With a trip to South Sudan postponed indefinitely, Pope Francis is sending close to a half-million dollars to help two church-run hospitals, a teacher training center and farming projects for families as a way to show the people there his solidarity and support.
Because a planned trip with Anglican Archbishop Justin Welby of Canterbury couldn't happen this year as hoped, Francis "wants to make tangible the presence and closeness of the church with the suffering people through this initiative 'The Pope for South Sudan,'" Cardinal Peter Turkson told reporters at a Vatican news conference June 21.
"He fervently hopes to be able to go there as soon as possible on an official visit to the nation; the church does not shut hope out of such an afflicted area," said the cardinal, who is prefect of the Vatican Dicastery for Promoting Integral Human Development.
An official visit was meant to draw the world's attention to a silent tragedy, give voice to those suffering, and encourage conflicting parties to make renewed and greater efforts in finding a peaceful solution to the conflict, the cardinal said.
Already in March, Francis had expressed doubts about the possibility of making the trip, saying in an interview with Germany's Die Zeit newspaper, that visiting South Sudan would be "important," but that "I don't believe that it is possible." The pope approved the project funding in April, a month before the Vatican announced the trip's delay.
The initiative is meant to supplement, support and encourage the ongoing work of religious congregations, Catholic organizations and international aid groups on the ground that "generously and tirelessly" help the people and promote peace and development, the cardinal said.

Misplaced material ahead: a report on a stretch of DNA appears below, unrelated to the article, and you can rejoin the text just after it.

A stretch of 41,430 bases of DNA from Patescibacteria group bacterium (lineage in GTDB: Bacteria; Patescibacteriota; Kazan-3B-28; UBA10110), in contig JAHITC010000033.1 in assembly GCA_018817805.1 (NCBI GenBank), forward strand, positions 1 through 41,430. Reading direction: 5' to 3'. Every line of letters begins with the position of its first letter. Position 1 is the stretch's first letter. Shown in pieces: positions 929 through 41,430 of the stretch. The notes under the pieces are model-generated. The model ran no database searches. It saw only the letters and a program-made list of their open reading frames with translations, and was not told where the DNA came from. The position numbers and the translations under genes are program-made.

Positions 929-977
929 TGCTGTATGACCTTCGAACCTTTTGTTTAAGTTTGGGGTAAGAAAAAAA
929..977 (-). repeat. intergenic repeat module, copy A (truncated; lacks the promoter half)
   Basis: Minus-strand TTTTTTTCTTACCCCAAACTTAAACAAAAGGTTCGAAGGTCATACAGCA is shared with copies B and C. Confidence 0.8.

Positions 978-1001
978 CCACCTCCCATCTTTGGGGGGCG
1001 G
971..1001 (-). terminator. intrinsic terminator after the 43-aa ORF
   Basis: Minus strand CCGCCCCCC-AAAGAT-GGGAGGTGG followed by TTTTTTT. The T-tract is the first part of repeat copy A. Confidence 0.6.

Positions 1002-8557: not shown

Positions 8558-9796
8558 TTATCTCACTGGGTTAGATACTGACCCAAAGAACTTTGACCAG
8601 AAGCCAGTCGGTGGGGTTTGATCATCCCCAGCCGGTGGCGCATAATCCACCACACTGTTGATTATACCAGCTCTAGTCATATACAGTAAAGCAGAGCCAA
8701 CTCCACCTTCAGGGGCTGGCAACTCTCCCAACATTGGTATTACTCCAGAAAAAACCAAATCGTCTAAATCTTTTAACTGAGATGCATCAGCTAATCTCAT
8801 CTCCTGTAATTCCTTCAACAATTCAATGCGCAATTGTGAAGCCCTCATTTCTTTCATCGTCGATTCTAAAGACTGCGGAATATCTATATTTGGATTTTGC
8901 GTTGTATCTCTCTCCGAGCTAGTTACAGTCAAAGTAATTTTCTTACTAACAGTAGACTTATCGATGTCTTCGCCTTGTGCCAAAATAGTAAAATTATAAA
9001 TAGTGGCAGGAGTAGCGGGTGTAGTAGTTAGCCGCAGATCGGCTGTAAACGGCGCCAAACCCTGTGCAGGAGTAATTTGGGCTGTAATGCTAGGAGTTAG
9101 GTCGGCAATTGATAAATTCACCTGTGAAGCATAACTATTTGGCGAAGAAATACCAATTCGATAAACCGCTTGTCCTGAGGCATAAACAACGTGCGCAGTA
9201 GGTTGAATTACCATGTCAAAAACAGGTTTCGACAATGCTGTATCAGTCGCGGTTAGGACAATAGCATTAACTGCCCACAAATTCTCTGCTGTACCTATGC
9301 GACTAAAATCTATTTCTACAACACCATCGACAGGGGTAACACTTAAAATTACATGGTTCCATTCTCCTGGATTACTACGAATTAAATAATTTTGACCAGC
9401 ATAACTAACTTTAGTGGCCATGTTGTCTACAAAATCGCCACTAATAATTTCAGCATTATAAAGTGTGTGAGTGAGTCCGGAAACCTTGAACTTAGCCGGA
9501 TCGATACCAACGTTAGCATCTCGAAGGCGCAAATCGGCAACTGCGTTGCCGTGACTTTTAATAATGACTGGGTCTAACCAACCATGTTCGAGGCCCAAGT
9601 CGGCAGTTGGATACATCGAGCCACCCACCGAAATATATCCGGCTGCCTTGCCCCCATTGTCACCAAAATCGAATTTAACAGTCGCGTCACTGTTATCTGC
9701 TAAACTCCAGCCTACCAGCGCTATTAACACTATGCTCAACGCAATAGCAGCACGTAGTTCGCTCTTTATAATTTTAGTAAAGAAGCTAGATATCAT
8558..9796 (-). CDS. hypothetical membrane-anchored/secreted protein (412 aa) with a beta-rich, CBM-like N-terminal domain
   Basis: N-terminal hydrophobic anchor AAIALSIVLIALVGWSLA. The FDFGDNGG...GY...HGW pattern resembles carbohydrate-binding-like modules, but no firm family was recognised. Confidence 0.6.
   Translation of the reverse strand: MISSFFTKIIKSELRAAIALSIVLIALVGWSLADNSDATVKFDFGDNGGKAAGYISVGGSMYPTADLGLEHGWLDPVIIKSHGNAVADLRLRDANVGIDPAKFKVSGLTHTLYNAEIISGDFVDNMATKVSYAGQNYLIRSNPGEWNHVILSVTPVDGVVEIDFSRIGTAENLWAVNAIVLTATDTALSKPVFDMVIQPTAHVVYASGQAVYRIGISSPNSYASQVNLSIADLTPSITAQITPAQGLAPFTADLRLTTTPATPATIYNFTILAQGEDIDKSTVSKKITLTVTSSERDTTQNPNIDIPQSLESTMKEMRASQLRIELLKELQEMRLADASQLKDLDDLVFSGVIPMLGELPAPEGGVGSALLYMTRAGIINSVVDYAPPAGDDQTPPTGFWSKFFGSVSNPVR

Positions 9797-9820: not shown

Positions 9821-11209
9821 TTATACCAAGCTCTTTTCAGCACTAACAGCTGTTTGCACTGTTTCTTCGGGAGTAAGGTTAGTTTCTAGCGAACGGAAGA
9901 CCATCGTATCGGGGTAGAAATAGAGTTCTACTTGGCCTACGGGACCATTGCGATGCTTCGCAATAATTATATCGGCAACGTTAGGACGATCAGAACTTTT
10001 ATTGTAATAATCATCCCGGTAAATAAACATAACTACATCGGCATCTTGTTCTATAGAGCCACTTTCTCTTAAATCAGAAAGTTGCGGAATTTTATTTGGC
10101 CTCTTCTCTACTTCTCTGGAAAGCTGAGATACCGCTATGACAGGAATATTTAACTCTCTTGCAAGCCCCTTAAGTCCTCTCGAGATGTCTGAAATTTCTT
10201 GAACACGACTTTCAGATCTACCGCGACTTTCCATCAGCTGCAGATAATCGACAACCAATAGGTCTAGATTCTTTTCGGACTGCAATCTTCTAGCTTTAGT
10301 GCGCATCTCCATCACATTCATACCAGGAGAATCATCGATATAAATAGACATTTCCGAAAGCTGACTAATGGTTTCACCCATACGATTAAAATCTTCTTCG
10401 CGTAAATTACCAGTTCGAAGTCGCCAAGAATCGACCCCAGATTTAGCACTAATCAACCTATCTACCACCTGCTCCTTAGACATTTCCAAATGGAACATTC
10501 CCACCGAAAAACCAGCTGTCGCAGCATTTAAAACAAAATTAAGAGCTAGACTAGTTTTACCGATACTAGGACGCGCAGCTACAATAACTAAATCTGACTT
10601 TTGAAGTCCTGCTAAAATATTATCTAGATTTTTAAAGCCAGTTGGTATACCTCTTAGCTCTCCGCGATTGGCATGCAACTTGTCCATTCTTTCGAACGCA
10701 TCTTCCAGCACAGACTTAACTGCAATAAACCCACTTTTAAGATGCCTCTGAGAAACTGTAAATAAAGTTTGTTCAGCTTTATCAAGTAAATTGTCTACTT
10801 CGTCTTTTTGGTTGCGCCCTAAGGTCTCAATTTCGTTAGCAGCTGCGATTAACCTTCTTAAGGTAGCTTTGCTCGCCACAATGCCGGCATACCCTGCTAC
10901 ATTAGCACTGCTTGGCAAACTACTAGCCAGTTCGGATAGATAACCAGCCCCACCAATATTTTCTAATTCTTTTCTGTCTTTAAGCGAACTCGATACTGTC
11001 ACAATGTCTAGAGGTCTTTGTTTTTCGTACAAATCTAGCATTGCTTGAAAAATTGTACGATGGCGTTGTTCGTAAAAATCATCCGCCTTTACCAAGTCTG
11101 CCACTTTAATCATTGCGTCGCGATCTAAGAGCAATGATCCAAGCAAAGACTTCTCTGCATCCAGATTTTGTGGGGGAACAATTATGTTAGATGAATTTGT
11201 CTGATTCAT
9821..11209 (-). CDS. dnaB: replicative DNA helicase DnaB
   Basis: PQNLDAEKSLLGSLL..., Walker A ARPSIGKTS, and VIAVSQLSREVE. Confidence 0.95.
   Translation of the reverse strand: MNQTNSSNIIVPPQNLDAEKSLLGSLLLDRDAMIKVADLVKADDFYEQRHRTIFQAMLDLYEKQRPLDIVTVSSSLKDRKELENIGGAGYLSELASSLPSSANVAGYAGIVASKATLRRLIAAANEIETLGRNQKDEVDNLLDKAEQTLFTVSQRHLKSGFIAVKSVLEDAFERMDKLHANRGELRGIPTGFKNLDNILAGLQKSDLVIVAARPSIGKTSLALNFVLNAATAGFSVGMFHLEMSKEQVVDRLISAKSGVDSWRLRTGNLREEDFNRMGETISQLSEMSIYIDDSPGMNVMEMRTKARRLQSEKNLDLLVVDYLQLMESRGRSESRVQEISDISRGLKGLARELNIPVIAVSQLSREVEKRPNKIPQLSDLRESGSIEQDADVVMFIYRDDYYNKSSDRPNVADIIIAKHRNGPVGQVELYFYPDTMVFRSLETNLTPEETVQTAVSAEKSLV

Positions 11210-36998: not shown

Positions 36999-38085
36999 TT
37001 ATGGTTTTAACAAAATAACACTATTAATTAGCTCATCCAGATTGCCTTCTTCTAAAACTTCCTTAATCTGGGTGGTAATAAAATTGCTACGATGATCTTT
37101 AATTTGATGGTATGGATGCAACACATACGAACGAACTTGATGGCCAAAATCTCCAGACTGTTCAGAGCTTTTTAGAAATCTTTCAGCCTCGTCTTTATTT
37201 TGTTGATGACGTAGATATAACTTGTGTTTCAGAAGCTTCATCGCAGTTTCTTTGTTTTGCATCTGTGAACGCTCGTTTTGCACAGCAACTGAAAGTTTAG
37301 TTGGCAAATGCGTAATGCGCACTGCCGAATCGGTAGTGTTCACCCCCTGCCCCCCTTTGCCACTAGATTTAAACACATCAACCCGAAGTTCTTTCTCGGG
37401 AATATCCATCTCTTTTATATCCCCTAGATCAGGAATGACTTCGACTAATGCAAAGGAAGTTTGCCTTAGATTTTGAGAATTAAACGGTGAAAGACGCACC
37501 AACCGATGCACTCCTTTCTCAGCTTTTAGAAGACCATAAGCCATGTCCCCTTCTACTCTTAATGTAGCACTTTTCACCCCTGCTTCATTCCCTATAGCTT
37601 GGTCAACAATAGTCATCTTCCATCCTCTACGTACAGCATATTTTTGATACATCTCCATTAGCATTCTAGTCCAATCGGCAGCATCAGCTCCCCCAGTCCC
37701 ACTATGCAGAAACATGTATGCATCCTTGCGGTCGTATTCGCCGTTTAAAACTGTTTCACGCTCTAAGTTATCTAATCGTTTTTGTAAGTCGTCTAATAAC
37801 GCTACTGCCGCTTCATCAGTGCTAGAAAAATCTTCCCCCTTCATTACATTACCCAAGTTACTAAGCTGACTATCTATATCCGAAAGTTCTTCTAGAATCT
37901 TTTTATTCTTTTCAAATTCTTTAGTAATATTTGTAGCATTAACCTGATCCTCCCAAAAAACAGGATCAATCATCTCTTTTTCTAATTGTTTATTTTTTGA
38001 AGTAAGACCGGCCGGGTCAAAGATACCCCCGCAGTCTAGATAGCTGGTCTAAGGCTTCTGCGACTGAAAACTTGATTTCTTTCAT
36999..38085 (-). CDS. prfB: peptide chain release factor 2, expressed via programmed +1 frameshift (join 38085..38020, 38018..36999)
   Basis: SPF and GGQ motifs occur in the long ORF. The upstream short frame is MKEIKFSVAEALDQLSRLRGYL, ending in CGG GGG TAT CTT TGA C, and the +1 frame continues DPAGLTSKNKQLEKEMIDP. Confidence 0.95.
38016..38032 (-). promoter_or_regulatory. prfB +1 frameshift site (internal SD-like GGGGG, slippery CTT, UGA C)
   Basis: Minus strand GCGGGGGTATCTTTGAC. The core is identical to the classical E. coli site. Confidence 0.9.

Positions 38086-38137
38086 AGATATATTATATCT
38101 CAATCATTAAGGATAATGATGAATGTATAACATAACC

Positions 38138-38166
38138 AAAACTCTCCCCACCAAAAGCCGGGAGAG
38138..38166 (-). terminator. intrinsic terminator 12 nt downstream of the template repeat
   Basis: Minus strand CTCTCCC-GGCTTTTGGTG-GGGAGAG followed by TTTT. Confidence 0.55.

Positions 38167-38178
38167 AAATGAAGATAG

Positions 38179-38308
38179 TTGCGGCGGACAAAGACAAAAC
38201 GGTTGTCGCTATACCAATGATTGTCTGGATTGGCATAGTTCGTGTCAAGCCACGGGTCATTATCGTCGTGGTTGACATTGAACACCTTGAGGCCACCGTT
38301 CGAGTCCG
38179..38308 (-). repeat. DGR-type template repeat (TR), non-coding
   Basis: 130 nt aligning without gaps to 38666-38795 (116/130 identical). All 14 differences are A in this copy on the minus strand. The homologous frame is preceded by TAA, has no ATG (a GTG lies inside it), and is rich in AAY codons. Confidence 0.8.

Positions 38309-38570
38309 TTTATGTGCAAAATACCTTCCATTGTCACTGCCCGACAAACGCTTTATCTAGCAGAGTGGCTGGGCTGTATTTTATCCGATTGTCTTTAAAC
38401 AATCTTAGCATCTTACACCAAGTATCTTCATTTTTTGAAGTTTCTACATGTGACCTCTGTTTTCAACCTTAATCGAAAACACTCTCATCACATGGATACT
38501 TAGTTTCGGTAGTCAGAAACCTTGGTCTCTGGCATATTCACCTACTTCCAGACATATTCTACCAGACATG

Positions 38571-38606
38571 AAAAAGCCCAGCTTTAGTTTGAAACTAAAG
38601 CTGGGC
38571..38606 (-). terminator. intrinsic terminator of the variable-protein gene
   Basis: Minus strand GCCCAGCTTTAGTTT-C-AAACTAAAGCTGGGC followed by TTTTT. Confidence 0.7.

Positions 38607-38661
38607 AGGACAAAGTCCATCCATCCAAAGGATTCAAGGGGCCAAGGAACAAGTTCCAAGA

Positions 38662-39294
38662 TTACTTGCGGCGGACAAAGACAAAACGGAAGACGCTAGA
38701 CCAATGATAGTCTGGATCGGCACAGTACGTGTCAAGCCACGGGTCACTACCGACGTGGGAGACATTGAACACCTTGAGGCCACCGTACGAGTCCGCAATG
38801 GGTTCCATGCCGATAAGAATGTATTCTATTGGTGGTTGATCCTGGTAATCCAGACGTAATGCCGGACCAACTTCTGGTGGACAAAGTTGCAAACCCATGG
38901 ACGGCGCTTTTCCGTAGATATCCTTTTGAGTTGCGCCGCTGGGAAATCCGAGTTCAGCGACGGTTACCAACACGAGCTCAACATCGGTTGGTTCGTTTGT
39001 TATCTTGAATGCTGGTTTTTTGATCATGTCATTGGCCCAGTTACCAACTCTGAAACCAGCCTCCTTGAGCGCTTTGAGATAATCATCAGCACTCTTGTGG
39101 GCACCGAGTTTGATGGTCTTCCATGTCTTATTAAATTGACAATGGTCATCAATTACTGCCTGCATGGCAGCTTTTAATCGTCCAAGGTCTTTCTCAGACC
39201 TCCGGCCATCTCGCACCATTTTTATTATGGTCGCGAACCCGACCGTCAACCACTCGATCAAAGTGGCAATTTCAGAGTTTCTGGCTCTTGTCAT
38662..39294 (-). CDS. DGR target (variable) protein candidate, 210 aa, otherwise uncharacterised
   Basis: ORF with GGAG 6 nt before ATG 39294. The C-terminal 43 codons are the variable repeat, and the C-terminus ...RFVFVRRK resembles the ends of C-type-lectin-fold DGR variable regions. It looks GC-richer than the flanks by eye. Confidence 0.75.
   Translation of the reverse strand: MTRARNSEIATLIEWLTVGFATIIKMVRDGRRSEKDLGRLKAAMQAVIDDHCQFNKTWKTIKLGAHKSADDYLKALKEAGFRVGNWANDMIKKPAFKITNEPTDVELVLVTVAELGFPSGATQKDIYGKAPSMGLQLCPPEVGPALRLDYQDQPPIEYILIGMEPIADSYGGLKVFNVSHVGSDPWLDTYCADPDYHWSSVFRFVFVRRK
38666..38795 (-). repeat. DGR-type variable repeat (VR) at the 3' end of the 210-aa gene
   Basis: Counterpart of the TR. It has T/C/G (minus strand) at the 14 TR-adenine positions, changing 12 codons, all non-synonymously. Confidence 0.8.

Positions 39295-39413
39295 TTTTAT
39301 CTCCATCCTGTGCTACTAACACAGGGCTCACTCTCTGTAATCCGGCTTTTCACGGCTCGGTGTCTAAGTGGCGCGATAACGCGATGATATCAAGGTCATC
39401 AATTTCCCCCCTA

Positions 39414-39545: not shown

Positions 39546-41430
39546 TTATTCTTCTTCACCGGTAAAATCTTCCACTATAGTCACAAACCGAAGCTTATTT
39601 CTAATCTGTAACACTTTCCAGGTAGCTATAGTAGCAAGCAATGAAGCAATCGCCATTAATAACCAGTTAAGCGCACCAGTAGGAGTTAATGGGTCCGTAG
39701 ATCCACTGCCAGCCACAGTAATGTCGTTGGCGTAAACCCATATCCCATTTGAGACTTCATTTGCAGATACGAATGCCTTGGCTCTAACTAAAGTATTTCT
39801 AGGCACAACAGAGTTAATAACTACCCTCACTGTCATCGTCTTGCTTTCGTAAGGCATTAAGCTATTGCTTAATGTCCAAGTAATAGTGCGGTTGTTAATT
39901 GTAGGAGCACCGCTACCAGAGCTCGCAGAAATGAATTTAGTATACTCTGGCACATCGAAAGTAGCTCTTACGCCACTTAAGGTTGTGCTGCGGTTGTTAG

South Sudan became independent from Sudan in 2011 after decades of war. But just two years after independence, political tensions erupted into violence and abuses. The fighting, displacement, insecurity and drought have led to large-scale hunger and malnutrition across the country. It's estimated that 3.8 million people have been displaced and at least 28 million are in need of food aid.
A papal donation of about $200,000 will support a program run by Caritas South Sudan, providing fast-growing seeds and farming tools for 2,500 families in areas where it is still possible to grow food.
Some $112,000 will go to fund Solidarity With South Sudan — an international Catholic network, supporting 16 scholarships and a training program for primary school teachers. The teacher training center takes in students from every ethnic group so they can learn and later teach values of tolerance and reconciliation along with basic education.
A contribution of $150,000 will go to fund two hospitals run by the Comboni Missionary Sisters. Comboni Sister Laura Gemignani told reporters that they have extremely few resources to support their small staff and numerous patients.
For example, she said their hospital in Wau sees 300 patients a day — 40,000 a year — but there is only one doctor, who comes in every day and responds to every emergency.
"It's hard to pay his salary," she said, but he, the nurses and other staff stay on despite the insecurity and danger.
When they were told to evacuate because of intensified fighting, she said the staff said that as long as they had even just one patient to attend to, they would never leave.
Turkson said, "The Holy Father does not forget the unheard and silent victims of this bloody and inhumane conflict, does not forget all those people who are forced to flee from their homes because of abuses of power, injustice and war. He holds all of them in his prayers and his heart."